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How to Write Blog Posts for Your Buyer Personas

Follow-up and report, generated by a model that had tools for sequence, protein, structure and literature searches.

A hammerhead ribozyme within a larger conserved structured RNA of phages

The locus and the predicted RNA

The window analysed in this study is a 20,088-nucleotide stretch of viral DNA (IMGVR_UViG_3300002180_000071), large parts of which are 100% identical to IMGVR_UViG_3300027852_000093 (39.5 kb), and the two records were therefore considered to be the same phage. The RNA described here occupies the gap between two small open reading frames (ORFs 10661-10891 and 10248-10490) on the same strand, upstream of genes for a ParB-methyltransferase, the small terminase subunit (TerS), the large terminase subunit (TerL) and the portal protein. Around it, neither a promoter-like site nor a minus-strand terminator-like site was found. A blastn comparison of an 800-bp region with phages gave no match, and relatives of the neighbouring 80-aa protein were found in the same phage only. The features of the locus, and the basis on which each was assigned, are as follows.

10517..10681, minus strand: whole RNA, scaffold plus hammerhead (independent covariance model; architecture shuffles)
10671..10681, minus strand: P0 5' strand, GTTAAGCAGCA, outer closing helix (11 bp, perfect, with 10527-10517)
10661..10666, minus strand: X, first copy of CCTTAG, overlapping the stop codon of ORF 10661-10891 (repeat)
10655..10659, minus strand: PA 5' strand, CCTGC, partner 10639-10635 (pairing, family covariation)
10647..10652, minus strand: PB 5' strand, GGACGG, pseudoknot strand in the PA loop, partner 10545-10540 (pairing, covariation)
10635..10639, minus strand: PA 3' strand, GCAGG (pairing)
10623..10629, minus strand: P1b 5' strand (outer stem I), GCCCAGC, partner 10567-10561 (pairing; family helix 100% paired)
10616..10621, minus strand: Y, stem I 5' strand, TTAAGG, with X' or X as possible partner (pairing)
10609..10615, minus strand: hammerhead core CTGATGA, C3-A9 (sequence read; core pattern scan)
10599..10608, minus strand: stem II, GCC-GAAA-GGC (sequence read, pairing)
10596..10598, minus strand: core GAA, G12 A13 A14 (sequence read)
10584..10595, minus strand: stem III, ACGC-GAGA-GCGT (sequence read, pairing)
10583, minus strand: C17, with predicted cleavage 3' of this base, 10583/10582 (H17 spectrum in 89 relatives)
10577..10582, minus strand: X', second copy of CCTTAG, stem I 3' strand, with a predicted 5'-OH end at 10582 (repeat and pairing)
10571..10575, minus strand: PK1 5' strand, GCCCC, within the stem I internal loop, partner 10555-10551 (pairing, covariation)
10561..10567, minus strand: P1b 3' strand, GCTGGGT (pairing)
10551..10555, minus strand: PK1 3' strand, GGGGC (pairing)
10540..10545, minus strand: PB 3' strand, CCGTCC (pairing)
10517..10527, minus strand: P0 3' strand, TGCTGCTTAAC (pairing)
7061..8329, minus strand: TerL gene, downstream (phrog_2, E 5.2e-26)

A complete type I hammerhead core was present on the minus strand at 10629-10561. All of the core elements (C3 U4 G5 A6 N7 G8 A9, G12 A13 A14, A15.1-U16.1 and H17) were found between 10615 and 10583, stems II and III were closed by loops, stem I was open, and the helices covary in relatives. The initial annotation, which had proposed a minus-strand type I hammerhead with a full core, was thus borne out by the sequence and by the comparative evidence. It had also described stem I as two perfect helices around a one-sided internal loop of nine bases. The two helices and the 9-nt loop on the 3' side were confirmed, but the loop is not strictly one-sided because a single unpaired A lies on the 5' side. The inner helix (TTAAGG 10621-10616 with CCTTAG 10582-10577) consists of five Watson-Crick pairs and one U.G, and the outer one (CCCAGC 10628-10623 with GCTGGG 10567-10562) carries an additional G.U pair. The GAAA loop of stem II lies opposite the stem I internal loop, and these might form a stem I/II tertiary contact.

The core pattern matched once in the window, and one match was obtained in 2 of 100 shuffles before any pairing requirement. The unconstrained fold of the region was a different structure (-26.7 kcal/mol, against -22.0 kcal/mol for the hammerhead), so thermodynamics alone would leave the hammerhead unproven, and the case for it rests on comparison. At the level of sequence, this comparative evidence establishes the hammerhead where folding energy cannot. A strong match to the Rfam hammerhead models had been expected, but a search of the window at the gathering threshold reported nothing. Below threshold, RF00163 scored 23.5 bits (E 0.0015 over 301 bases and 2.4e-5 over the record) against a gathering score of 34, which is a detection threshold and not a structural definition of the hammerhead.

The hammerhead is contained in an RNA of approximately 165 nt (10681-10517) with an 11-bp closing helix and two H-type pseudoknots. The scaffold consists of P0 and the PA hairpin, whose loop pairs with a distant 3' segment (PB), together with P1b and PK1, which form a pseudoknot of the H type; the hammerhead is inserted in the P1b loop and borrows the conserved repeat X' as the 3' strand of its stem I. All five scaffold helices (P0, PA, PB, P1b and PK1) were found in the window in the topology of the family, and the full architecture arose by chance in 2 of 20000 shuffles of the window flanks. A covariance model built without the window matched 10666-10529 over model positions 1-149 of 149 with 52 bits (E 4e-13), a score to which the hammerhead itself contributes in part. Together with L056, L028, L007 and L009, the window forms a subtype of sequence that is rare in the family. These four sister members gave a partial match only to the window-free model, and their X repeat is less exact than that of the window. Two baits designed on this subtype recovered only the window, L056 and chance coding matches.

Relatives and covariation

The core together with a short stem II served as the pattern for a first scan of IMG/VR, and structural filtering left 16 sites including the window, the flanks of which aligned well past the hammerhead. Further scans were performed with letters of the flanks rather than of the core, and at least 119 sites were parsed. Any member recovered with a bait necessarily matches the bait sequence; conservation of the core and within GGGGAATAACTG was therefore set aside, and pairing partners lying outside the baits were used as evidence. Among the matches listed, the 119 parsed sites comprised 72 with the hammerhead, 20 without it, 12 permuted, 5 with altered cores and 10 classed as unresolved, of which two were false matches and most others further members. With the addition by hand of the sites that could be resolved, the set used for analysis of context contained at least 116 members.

The post How to Write Blog Posts for Your Buyer Personas appeared first on HostGator Blog . Quick quiz for business bloggers: In one sentence, describe the audience for your blog. If you had your answer ready, you’re ready to write must-read content for your customers. If you had to stop and think about who your audience is, or if you said “everybody,” it’s time to get a clear picture of your readers so you can create more effective content. In both cases, the key is to research, build, and use buyer personas. Write for a Specific Persona If you aced the quiz, it’s because you have a customer persona . Personas are like character sketches for marketers and bloggers. They define types of audience members by their interests, age range, online behaviors, and shopping habits. You create personas based on data from your site analytics, social media monitoring, site-visitor surveys, and interviews with your readers and customers. If you’re just starting out, research the types of people you’d like to have in your audience. Start with the persona that represents the largest part of your audience. Let’s say you have a blog for your hobby farming supply business. Your primary persona might be a retired banking executive (let’s call her Daisy) in her early 60s whose partner is also retired. She recently bought a vintage farmhouse on a small acreage. Her interests are raising flowers and herbs for market and she’d also like to set up a duck pond and a rental cottage on her property. Daisy likes to carefully research purchases and she prioritizes quality over price. Here’s a sample persona template you can use to create your own website personas: Speak the Same Language as Your Customers Whoever your persona is, write in a voice that they’ll understand. Let’s stick with the hobby farm supply example for a bit. Maybe your background is in agribusiness. Daisy, your retired banking-executive persona, won’t know the ag jargon that you do. She searches for terms like “how much to feed ducks,” not “how to formulate balanced poultry rations.” Include the keywords she’s likely to use in your posts to show her you’re speaking to her, so she’ll stick around. Bonus: Better SEO is a natural outcome of using the phrases your personas use. Not sure how your persona talks about or searches for their interests? Look at your blog and social media comments and email messages from your customers. Monitor your Google Search Console data to see which keyphrases bring readers to your blog. And check out other blogs, vlogs, and podcasts in your niche. The goal isn’t to copy anyone else’s voice but to connect with prospective customers by speaking their language. Tailor Post Length to Your Audience and Your Goals How long should your business blog posts be? That depends on your goals for each post and the time your persona has to read it. Daisy is retired and has time to focus on her interests, but an audience of mid-career professionals with small children will have less time to read. Short and long posts both have their place on your posting schedule, but you’ll want to skew toward what your audience prefers. The Case for Short Blog Posts Short blog posts of at least 300 words are a great way to tackle niche topics. That’s good for readers who want specific information. It’s also good for SEO, because narrowly focused posts can help you rank well for longtail search phrases . For example, if the persona you’re writing for is a pet rabbit owner, it’s going to be hard to rank well for “rabbit care,” which generates more than 443 million results. By going into more detail with posts on “elderly rabbit grooming,” “safe chew toys for rabbits,” “how to build a rabbit castle” and so on, you’re more likely to reach readers searching for those topics. You can later compile all your short posts on one topic into a PDF to give away to readers who join your list. The Case for Long Blog Posts Long posts —1,000 words and more—are more challenging to write and require a bigger time commitment from you and your customers. Long content typically does well in search results, so it’s worth your time to create at least a few. These can be mega-posts that combine and expand on previous short posts. They can also be new content, like a list or a how-to guide, to promote an upcoming launch or new product. For example, if you’re preparing to start selling an online course , a long post that includes a sample of the class material can help prospective students decide to register. Take your time writing and editing long posts to make sure they deliver what your personas want to know, using the same language they do. And if you’re planning a product launch, review your current site hosting plan to make sure it can handle launch-related spikes in traffic. You may want to upgrade to a more powerful plan like HostGator Cloud Hosting for more speed and bandwidth, and add on CodeGuard daily backup service to easily restore your site if your launch-prep site changes temporarily break things. Pace Your Blog Posts Properly Ask your readers how often they want to hear from you, then build a calendar to match your persona’s preferences. If you don’t have a big audience yet, remember that most people are happy to read one or two new posts a week from a blog they value. Less than that is probably okay, too. Too-frequent posts may overwhelm subscribers and lead them to drop your blog. Save daily posting for when you can hire help, have a large audience, and have specific marketing goals that require lots of new content. Keep an eye on your blog, email, and sales metrics. Over time, you should see how your publishing schedule affects page views, time on the site, email opens and clickthroughs, unsubscribes, and conversions. Tweak the schedule if you need to so your readers stick around. Close with a Call to Action What separates good bloggers from great bloggers? Great bloggers who build thriving online communities and businesses have a clear goal for each blog post before they write it. Before you write, decide what you want your readers to do when they reach the end of your post. Do you want them to join your email list ? Share your post? Buy your duck brooders? Once you know, ask them to do it. Don’t assume it’s obvious. Life is filled with distractions, so make your calls to action clear: Join the list. Get the book. Register now. Reserve your appointment. There’s one other benefit to building personas before you blog. It helps to make your posts more conversational and builds rapport with your audience. So, whenever you’re ready to write, think about your persona, what they want to know, how much time they have to read, and the keywords they search for. Then you’re ready to write posts that will connect. Find the post on the HostGator Blog Continue reading